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HomeApp NewsWhy Spamming Customers Can Actually Be a Good Thing in Mobile Marketing

Why Spamming Customers Can Actually Be a Good Thing in Mobile Marketing

For marketers, mobile opens up a whole new world, with countless ways to discover and reach consumers. Sometimes marketers abuse this opportunity and bombard users with loads of content, messages and advertisements, ultimately creating a negative effect that scares consumers away. Other marketers looking from the sidelines will see how these marketers fail and shy away from sharing content altogether. The truth is, although certainly mobile marketing tactic that could be considered spam, there’s no reason for brands to shy away from sharing content that isn’t directly related to their product or service. In fact, when done right, this can really help increase conversion, engagement, and retention rates for brands in the mobile space. The following post will list many mobile marketing tactics to disseminate content to consumers that they do not consider spam but as valuable. woman looking at mobile device

Personalize your messages

Known as the ultimate technique to increase mobile app user retention, push notifications can also be considered spam and completely ignored. When does that happen most often? When the message is generic, have one size fits all tones and is intended solely to promote your product or service. If you want to leverage push notifications to prompt users to reopen and start another session in your app, that’s not the way to go. The challenge is to provide users with value and a valid reason to re-enter the app, which can be accomplished by personalizing and tailoring your message to users. Let’s use an e-commerce application as an example. When it comes to e-commerce, we are all sick and indifferent to conventional email marketing techniques and push notifications that notify us of the off season: “30% off select items items” or “New items added to the last sale” – these generic taglines are sent to the entire email list. On the other hand, by learning more about users, e-commerce applications can provide them with real value and show that they care about their users’ needs. One idea is to collect information on items that are of interest to users but are not available in their size and notify them with push notifications when they are back in stock.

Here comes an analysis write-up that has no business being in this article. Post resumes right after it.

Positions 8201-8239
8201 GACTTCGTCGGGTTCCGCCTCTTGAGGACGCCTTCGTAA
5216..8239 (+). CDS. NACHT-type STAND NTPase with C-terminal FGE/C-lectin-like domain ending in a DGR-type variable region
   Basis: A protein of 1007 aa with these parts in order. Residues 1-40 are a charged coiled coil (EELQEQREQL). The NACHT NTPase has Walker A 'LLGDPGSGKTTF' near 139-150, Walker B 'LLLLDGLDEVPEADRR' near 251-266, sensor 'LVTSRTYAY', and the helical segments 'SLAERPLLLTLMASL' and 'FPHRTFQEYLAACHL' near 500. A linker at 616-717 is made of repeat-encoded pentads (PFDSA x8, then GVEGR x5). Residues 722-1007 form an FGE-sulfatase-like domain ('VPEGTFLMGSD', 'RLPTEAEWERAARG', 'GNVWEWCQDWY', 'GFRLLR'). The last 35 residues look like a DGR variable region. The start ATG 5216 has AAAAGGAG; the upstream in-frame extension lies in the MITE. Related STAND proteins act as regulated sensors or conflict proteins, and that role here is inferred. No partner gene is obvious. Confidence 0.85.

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Maintain a high level of quality

Since 2011, when the Lean Startup concept became popular, mobile apps have been all about doing one thing and doing it right. When it comes to branded apps, these apps mostly tend to focus on the brand itself, predict its values, and only provide users with the products and services it already offers. level, but on mobile devices. The common belief was, and still is, for the most part, that disseminating content to users, not directly related to a brand, essentially means spamming them. However, if we take a closer look at the branded apps industry today, we’ll see that the most successful branded apps are those that provide content, functionality, and value that aren’t directly related. to the brand.

For example, the Nike+ app does not recommend any Nike products or allow users to shop, but instead allows them to track their activity. The Charmin Sit or Squat app is another great example. The app helps users find restrooms that can be used wherever they are, and uses a rating scale (which tells them whether they’ll sit or squat), which users can use to rate the restrooms after use. use. The app does not allow users to buy toilet paper and only provides them with a valuable service. This is truly a genius mobile marketing strategy – instead of shoving your brand in the face of users and advertising hype, you can provide users with answers to their problems and in this way evoke a positive association with your brand your.

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Find the right time

The final piece of the challenging puzzle for “spammers” users is timing. When it comes mobile marketing, timing is very important and the reason why is very simple. If mobile users are busy doing something, they won’t care about your push notifications or the free song you want them to download. But on the other hand, if the user is currently bored, they will be motivated and more likely to check out what you have to offer. To some this may seem very basic, but surprisingly many large and successful mobile companies send content and notifications overnight, ultimately causing users to ignore them.

For example, airline KLM has created a mobile game for users that allows them to fly paper airplanes over the city of Amsterdam and win prizes. The clever thing about KLM’s strategy is that they advertise their game to users at a time when they are most likely to feel bored – waiting at the airport gate to board a flight. The users at the KLM flight gate, are granted more prizes and rewards. It’s hard to believe these users were using the game while engaging in other activities, but while waiting for a flight, it suddenly went from spam to gold. CMOs, remember, when it comes to mobile marketing content is most important, but when it’s inappropriately timed, low quality, and generic in tone, it’s considered spam.

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